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Sunrise Senior Living Blog

Hungry? Blame Your Blood Sugar.

If you find yourself craving high-calorie meals at certain points in the day, it could be justified. Here are ways to be conscious of what your body is telling you and keep your blood sugar levels balanced. If you find yourself craving high-calorie meals at certain points in the day, it could be your blood sugar levels that are to blame.

Blood sugar plays a major role in feelings of hunger, say scientists from the Society for the Study of Ingestive Behaviour. Here are some ways to be conscious of what your body is telling you and keep your blood sugar levels balanced.

Listen to your body

The American Diabetes Association (ADA) says that low blood sugar, or hypoglycemia, could lead to seizures, coma or even death. When your body detects this problem, it has ways of signalling you to fix it, including making you crave food that will balance your levels. In their study, the Society's scientists found that people with lower glucose levels had more activity in the brain when they were presented with pictures of fattening foods.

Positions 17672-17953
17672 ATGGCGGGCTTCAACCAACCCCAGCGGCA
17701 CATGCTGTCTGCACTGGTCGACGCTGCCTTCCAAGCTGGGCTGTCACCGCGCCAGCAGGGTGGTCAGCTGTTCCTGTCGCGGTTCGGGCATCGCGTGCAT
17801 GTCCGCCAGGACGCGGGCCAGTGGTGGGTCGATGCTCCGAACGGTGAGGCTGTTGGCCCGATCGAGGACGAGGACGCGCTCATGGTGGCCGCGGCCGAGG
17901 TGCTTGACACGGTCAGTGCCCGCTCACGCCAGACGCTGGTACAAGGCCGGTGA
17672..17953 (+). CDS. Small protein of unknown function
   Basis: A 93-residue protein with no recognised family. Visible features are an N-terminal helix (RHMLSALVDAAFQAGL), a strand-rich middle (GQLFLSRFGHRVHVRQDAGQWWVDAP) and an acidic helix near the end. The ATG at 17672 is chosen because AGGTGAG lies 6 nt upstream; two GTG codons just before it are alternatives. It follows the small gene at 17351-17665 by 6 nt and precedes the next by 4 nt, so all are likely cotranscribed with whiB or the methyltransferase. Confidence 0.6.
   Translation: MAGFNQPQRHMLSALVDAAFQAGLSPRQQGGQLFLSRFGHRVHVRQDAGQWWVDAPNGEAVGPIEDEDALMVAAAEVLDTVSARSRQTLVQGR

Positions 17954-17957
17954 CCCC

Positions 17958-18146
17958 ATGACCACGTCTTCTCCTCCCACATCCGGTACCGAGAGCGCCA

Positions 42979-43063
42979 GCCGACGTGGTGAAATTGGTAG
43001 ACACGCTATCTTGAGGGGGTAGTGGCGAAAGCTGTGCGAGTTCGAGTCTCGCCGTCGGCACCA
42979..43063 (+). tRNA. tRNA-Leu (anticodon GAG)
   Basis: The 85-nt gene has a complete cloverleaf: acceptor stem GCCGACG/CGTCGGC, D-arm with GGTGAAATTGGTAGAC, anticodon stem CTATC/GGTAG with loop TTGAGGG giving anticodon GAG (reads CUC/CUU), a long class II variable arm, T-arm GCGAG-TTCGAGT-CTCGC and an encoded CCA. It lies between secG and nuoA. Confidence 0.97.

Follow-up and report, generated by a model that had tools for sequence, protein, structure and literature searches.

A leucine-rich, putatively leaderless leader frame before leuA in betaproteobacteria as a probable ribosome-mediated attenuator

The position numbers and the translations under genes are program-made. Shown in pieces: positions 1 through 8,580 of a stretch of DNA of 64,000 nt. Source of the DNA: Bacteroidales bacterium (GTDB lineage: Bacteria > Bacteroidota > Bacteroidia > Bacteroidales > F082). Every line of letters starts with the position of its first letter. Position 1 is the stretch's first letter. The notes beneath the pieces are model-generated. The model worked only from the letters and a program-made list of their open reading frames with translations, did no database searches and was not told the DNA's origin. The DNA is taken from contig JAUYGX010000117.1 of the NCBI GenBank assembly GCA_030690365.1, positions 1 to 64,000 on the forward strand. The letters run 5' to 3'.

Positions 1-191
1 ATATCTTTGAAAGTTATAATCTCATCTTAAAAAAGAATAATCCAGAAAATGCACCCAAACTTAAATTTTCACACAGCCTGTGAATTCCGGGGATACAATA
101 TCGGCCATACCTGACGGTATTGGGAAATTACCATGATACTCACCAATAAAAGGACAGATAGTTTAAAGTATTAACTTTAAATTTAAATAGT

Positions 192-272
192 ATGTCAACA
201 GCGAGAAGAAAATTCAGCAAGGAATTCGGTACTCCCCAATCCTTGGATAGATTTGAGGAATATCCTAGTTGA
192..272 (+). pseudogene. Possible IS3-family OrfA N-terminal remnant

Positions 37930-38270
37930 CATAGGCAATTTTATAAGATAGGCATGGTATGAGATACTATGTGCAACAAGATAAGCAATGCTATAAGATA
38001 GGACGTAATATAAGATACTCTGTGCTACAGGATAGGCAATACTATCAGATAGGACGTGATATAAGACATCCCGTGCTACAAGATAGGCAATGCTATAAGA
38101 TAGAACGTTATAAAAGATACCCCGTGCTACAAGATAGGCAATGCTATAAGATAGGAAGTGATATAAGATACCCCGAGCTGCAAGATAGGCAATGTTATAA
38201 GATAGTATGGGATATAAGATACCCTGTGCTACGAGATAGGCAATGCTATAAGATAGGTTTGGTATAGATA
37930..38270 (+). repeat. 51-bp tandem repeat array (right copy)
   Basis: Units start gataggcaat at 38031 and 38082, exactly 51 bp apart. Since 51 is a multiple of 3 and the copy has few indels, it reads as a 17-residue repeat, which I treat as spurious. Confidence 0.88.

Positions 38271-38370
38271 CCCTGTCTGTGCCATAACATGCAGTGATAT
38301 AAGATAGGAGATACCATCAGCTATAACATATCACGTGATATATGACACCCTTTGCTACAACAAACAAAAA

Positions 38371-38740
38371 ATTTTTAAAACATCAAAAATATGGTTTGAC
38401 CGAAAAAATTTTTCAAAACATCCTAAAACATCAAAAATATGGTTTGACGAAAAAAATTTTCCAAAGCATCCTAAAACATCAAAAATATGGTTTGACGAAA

However, when it comes to feeling full, your genes are to thank, according to the study. Upon eating a meal and balancing blood sugar, some subjects still felt hungry. Twins who participated typically consumed similar quantities to each other, suggesting that, while low blood sugar triggers feelings of hunger, it doesn't have an influence on feeling full. So, while you should listen to your body when you're craving fatty foods, you may want to limit your portions for optimal levels of blood sugar.

Managing your blood sugar

You don't have to turn to a chocolate bar to get your blood sugar levels back on track. There are many other ways to balance the dips. When you start to feel a drop, the ADA advises eating just 15 grams of glucose or simple carbohydrates, which can be found in two tablespoons of raisins, one tablespoon of sugar or honey, one half cup of fruit juice or by taking a glucose tablet. Within 15 minutes, you should start to feel a little better.

To reduce your risk of it happening altogether, the source recommends getting enough sleep and remember to eat sufficiently. Also, make a habit of closely monitoring your blood sugar if you have diabetes.

At Sunrise Living, many people in our assisted living communities live with diabetes or other special dietary needs. The needs of each individual resident are met by our highly skilled, award-winning chefs. Contact us today to find out more.

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